Ethiopia’s Expanding Sectors Prone to Corruption
Martha van der Wolf, VOA
ADDIS ABABA — A new study says the fastest-growing sectors of Ethiopia’s economy, such as telecommunications, land management and construction, are prone to corruption. A study conducted by the World Bank and the Federal Ethics and Anti-Corruption Commission was made public on Friday.
At the same time, the study praises Ethiopia for its generally low levels of corruption compared to other low-income countries.
Rupert Bladon of the World Bank says fast growing sectors are more vulnerable to corruption but that steps can be taken to reduce the practice.
“I think it needs a combination of efforts. I think you need strong regulatory frameworks, and also strong institutions and people working in those institutions helping to oversee the regulation of those,” he said. “In terms of areas where you have large procurement, it’s very important that there are transparent regulations that are being followed across the public sector.”
Fast growing sectors in developing countries such as Ethiopia are instrumental to economic growth. The study focused on eight different sectors.
The telecommunications sector is at high risk, according to the study, because of weak accountability and the monopoly position of the telecom service provider.
Abdurahim Ahmed of Ethiotelecom is not impressed with the findings of the research:
“The research states that this country has a strong policy framework. This means the policy of this company emanates from the government’s policy, which the research puts as a strong policy framework. So the monopolistic framework emanates from the country’s policy,” he said. “There is nothing that had been presented that correlates these two, the monopolistic nature and the reason that it will become prone to corruption.”
Ethiotelecom does not see corruption as a top priority at the moment, but they did say they would look into the report’s recommendation to improve accountability within the company.
The Ethiopian government has already started to change its land policy to reduce corruption. The chairman of the Federal Ethics and Anti-Corruption Commission Ali Suleiman says much more is administrated and registered than before:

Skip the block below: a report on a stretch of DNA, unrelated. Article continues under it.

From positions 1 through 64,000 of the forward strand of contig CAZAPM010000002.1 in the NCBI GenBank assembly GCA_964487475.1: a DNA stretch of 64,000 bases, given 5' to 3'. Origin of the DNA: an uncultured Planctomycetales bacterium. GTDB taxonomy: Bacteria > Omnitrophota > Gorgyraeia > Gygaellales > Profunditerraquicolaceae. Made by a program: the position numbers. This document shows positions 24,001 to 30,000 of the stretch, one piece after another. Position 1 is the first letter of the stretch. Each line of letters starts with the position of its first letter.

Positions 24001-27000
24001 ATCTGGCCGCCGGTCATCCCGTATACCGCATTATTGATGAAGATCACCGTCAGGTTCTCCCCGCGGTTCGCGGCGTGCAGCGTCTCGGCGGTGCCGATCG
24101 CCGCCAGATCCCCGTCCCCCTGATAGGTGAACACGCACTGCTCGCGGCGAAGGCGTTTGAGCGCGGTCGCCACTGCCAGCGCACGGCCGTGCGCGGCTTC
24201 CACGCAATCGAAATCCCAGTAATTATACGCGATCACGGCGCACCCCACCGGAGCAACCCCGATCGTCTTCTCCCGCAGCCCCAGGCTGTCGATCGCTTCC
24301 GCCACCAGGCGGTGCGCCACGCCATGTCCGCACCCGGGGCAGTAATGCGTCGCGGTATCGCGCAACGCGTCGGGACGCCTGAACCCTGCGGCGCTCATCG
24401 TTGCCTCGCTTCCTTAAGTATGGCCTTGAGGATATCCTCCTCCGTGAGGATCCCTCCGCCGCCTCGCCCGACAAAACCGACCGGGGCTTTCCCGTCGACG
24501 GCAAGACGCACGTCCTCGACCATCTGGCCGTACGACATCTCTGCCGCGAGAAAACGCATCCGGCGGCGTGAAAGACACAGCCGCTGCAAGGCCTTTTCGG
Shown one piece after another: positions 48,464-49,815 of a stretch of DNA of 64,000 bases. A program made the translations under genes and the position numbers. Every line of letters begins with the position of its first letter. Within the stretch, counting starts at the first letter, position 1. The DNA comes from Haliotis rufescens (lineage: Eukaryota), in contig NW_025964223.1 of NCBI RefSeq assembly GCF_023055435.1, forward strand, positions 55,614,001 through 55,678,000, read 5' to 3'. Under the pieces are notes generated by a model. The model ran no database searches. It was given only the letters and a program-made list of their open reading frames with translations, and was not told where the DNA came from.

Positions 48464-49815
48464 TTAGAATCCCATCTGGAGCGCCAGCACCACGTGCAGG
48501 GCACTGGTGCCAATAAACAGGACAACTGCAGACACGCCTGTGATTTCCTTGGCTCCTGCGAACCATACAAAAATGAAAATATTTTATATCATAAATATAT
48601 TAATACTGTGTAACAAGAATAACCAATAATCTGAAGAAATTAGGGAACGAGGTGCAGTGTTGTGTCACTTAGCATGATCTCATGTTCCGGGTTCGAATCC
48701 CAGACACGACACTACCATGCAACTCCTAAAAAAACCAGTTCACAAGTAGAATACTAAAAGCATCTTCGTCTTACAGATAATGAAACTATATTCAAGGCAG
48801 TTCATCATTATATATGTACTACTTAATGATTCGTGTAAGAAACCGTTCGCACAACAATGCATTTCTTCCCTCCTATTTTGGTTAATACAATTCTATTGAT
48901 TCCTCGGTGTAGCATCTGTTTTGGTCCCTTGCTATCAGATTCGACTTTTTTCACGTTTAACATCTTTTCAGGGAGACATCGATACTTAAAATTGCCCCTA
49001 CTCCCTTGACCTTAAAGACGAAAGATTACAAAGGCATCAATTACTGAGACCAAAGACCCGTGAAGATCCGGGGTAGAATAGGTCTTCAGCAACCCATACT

“The government had no data which part of the land was occupied or owned by somebody. Because of this lack of registration it was easy for people, for engineers, for land managers, to corrupt with this plot of land,” he said. “But now a database has been started to be implemented and the procedures, how to get title deeds, how to prove ownership – all this starting from policy registrations and directives started to be implemented.”
Examples of other efforts to reduce corruption can be found in the construction sector. Any transaction over $162,000 (3 million Ethiopian birr) has to be published on a website. This is also an effort to change public perception. The study reports that the public perception does not correspond with the actual level of corruption.
Chairman Ali says the level of corruption is much lower than other low-income and developing countries, but that there is a perception that corruption is rampant in the East African country:
“In all sectors it proves there is a disparity between perception and reality. Our assignment is to see the reason why people perceive in such a way,” Ali added. “I think one reason because we lack transparence in our public services and maybe people they don’t differentiate between inefficiency and corruption – maybe any delay, any inefficiency, maybe translated to corruption.”
Ethiopia scored 113 out of 176 countries in the 2012 Corruption Perception Index of Transparency International, the anti-corruption watchdog.
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